My conclusion after the first 90 minutes of training: it is a very good rubber that can produce good spin on loops but lacks in speed. It definitely wants tuned. I put two layers of Falco Long on it and it very quickly reacted to the oil. Its center rose 5-6 centimeters from the horizontal in less than two hours. I will wait until it gets flat again which is probably a week.

In spite of its good build quality I am sure no serious player would use this rubber untuned. More to follow...


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Fulanodetal View Drop Down
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Post Options Post Options   Thanks (0) Thanks(0)   Quote Fulanodetal Quote  Post ReplyReply Direct Link To This Post Posted: 11/27/2019 at 8:08pm
Does not need to be boosted.

That's all personal preference, not a requirement.


FdT
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fmarek View Drop Down
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Post Options Post Options   Thanks (0) Thanks(0)   Quote fmarek Quote  Post ReplyReply Direct Link To This Post Posted: 11/28/2019 at 12:52am
Nice review!

I am wondering how boosting of h3 would solve the problem of control which is observed in euro/jap mentioned above.

Is it possible to increase control and speed at the same time? Dont think so. Hm..
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Post Options Post Options   Thanks (0) Thanks(0)   Quote hunkeelin Quote  Post ReplyReply Direct Link To This Post Posted: 11/28/2019 at 1:51am
the turbo ornage is better than turbo blue. THe turbo blue is too hard and heavy. The turbo orange can be played without boost after breakin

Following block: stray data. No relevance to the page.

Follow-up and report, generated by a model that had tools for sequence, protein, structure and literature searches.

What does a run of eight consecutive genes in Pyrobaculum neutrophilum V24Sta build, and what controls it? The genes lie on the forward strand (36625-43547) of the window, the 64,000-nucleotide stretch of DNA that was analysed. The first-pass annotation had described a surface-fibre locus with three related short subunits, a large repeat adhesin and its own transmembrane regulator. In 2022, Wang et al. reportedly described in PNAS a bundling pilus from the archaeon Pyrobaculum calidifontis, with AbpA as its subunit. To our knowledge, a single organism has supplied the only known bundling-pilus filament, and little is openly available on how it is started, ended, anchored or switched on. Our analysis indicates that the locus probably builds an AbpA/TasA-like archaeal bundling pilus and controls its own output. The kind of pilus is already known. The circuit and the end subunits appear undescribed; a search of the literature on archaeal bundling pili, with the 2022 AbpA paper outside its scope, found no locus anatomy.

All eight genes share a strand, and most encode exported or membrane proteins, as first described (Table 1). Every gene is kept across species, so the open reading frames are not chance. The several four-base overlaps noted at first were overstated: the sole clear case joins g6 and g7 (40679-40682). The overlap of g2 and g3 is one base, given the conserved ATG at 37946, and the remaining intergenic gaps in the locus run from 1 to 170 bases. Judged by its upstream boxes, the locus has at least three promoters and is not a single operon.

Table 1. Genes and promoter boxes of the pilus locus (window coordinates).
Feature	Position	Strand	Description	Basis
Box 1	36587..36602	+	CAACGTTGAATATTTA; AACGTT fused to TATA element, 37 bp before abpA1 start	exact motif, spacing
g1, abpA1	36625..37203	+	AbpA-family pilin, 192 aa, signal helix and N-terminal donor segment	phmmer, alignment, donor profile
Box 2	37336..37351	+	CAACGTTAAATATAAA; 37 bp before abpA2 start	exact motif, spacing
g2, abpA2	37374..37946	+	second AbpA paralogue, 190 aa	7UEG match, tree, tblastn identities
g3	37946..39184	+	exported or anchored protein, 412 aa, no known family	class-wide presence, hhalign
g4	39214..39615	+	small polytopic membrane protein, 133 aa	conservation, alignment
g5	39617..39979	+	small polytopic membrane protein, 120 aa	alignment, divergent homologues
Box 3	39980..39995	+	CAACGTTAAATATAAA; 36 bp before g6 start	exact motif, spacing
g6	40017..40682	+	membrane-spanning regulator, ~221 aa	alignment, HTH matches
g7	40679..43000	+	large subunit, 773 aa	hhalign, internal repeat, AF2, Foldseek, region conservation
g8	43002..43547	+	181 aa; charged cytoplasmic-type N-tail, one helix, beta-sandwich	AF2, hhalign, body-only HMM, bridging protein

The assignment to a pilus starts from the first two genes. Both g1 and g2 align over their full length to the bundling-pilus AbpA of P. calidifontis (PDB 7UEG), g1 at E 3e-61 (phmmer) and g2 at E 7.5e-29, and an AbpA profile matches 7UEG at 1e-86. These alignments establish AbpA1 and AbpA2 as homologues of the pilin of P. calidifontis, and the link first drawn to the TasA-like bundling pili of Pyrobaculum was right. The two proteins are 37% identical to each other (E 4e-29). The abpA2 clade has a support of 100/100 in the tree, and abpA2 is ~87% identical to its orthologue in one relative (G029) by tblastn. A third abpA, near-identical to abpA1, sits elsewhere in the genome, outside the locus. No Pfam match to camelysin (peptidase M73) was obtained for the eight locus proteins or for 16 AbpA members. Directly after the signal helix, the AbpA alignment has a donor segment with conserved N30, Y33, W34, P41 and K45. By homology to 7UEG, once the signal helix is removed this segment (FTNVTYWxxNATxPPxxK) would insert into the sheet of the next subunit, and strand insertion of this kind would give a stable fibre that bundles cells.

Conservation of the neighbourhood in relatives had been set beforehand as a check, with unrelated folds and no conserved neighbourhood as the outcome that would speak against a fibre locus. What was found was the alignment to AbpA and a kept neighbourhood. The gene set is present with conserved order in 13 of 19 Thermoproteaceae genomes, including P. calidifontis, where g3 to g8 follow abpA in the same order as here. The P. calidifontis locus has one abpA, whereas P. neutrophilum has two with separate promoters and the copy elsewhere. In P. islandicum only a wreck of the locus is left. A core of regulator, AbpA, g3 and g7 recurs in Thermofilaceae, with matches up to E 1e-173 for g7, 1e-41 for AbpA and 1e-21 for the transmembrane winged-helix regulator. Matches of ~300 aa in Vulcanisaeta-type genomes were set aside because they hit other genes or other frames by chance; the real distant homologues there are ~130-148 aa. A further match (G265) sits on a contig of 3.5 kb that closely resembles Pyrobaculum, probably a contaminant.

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Hans Regenkurt View Drop Down
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Post Options Post Options   Thanks (0) Thanks(0)   Quote Hans Regenkurt Quote  Post ReplyReply Direct Link To This Post Posted: 11/28/2019 at 1:58am
My experience shows that boosting optimizes the way the rubber releases the ball. This is the phase where the control problems stem from in the case of untuned rubbers and it is clearly more noticeable with untuned Chinese rubbers. You cannot really carry out loping strokes with full power because the ball goes into the net.

So even if the booster does not increase the speed of the sponge itself, it does help improve the efficiency of energy transfer which at the end of the day results in speed increase.
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Post Options Post Options   Thanks (0) Thanks(0)   Quote DreiZ Quote  Post ReplyReply Direct Link To This Post Posted: 11/28/2019 at 2:25am
Originally posted by Hans Regenkurt Hans Regenkurt wrote:

My experience shows that boosting optimizes the way the rubber releases the ball. This is the phase where the control problems stem from in the case of untuned rubbers and it is clearly more noticeable with untuned Chinese rubbers. You cannot really carry out loping strokes with full power because the ball goes into the net.

So even if the booster does not increase the speed of the sponge itself, it does help improve the efficiency of energy transfer which at the end of the day results in speed increase.

i had a similar experience with boosting h3 neo, i thought i overboosted it but after it settled in few days i felt it had way more catapult and control at the same time whereas an unboosted h3 neo had way less catapult and i felt i was driving the ball more than looping.
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Post Options Post Options   Thanks (0) Thanks(0)   Quote fmarek Quote  Post ReplyReply Direct Link To This Post Posted: 11/28/2019 at 3:07am
Interesting guys.

I've never noticed any increase in control when moving the same rubbers to faster blade. Nor when putting faster rubbers on the same blade. Only going step down in speed i was noticing a better control. In this context by control I mean sending balls more or less where intended without sacrificing power (without being more careful)

Not saying impossible but it really puzzles me how boosting (softening) produces same thing. 
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Post Options Post Options   Thanks (0) Thanks(0)   Quote serr Quote  Post ReplyReply Direct Link To This Post Posted: 11/28/2019 at 3:32am